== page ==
So: do I need to bring home the chocolate brownie cheesecake icecream and bury it in the back of the fridge and try to persuade myself it's not there until . . . it really isn't there . . . because I've eaten it?? Using the rationalization that if I don't eat it I'll be demonstrating to someone how strong and determined and morally superior I am because I didn't?
No. I don't. A results-based analysis coupled with a little probability prediction tells me that I shouldn't bury the cheesecake in the freezer because more often than not I will eat it. In fact, almost all of the time. And the results will be self-loathing, rage, despair, a downward spiral. Plus, did I mention, weight gain?? Which I'll wear around my waist and my hips and my thighs?
(I might get away with stealing the ring or . . . the other. But the evidence I've given into food tempation is going to be apparent to everyone. And most of all, apparent to me.)
I can resist anything but temptation. So I have to avoid it. And avoiding temptation is quite likely the best I can do.
Which is, actually OK. Because nobody is twisting my arm and making me buy the chocolate cheesecake icecream and bury it in the freezer. All I've gotta do is leave it at the store and refuse to let it into my house.
Avoiding temptation might not make me virtuous: I'm not fooling myself about that. But avoiding temptation is doable; more doable than resisting temptation. And that's (most of the time) good enough.
Tuesday, January 04, 2011
It's what we need, it's what so many of us find here on Spark People.
And here's a great blog on that topic:
Sunday, January 02, 2011
Remember that old song by the Temptations? Also known as "My Girl"?
Well, my guy presented me with a light box beaming out a powerful 10,000 lux, which I've been using every morning. Sunshine bright!! I've positioned it over my lap top, so the middle of the screen is at eye level about 12 inches away from my face -- nice for illuminating my morning SP login while I sip my coffee and scan the newspaper, Charlie curled up at my feet!
There's a lot of interesting research on the use of light boxes for treating a wide range of full blown clinical issues including depression, seasonal affective disorder, jet lag, shift work disorientation, post partum, PMS and even senility. Here's a link if you'd like to read more: there are a couple of scholarly articles and the second one in paricular cites the literature quite thoroughly.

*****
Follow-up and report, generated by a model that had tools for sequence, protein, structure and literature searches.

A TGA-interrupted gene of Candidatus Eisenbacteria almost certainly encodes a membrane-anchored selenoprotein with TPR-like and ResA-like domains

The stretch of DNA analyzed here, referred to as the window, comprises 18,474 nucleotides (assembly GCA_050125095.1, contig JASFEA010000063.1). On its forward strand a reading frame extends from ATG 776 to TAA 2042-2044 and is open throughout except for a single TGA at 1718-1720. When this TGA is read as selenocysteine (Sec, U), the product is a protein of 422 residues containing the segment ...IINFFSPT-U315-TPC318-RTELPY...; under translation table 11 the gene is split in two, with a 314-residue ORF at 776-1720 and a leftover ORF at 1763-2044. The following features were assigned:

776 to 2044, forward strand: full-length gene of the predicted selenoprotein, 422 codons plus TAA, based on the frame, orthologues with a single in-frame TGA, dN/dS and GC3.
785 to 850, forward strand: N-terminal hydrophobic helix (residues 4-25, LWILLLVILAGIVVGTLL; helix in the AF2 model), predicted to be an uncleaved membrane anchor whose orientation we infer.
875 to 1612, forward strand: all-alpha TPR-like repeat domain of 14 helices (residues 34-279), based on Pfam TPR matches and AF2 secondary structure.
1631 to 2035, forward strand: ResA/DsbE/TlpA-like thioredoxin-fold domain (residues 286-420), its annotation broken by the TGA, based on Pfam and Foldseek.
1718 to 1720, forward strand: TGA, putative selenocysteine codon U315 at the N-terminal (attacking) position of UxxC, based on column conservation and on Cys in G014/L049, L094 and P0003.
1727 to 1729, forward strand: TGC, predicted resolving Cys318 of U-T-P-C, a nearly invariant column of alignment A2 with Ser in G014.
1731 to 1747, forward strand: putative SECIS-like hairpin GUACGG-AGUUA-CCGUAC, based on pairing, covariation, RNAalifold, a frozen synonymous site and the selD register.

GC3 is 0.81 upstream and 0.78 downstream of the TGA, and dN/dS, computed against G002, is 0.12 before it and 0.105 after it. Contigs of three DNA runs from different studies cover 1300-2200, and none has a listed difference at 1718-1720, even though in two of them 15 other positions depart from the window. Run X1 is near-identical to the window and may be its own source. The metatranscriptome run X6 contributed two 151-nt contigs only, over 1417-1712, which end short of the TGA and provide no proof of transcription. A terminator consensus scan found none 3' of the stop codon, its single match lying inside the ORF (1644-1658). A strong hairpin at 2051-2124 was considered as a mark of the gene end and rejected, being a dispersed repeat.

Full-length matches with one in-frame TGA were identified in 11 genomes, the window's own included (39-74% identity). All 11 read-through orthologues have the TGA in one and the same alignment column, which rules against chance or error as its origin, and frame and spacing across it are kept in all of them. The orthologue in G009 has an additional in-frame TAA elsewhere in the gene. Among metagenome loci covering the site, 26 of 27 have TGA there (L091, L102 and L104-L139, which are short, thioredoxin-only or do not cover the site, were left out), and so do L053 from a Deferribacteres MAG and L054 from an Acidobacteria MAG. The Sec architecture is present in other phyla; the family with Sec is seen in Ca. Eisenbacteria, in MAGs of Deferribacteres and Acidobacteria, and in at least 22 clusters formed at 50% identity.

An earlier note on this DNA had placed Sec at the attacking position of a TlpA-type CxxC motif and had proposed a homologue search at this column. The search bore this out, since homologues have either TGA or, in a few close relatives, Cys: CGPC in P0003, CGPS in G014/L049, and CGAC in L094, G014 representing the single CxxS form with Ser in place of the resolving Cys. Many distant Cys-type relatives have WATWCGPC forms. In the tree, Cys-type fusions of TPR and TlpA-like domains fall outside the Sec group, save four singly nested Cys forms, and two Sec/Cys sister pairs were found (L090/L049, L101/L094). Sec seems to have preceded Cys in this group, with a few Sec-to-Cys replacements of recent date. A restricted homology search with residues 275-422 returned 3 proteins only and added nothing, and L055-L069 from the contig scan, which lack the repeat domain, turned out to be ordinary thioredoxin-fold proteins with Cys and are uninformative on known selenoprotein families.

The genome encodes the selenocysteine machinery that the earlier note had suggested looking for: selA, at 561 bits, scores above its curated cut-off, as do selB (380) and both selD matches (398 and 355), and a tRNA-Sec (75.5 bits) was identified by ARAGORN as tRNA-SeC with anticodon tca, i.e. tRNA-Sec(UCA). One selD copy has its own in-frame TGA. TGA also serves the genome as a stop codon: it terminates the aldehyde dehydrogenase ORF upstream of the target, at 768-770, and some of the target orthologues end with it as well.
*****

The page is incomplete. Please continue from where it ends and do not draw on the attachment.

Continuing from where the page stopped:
As for me, I'm pretty sure that I don't have any of these clinical conditions. But I am the original sunshine girl -- love sunshine, crave it, thrive on it. When other people want to be closing the blinds, I'm basking in it. Generally speaking, people tell me that I've got a pretty sunny disposition. (Dunno, but I've been spontaneously nicknamed "Sunny" in so many different contexts, from little girl days onwards, that maybe there's some truth to it.)
Anyhow, April through September mornings after the gym often find me and Charlie on our east-facing verandah with my coffee and newspaper. But no question even for sunny types it's harder to feel sunny when there isn't any . . . um . . . sunshine. For weeks. For months. Which had made me curious about use of a light box to help me keep my mood upbeat during our long cold dark winters, when day after day we head off to work in the dark and come home again in the dark.
But there's more. In addition, light box therapy may help with winter weight loss or weight maintenance. That's because sunlight deprivation seems to be associated with carb bingeing. Apparently there is some research evidence that the long dark days tend to trigger a craving for more comfort foods . . . and more sleepiness too (so less exercise). The big ol' bear hibernation effect, I suppose. We are circadian-sensitive mammals, so that makes some sense to me!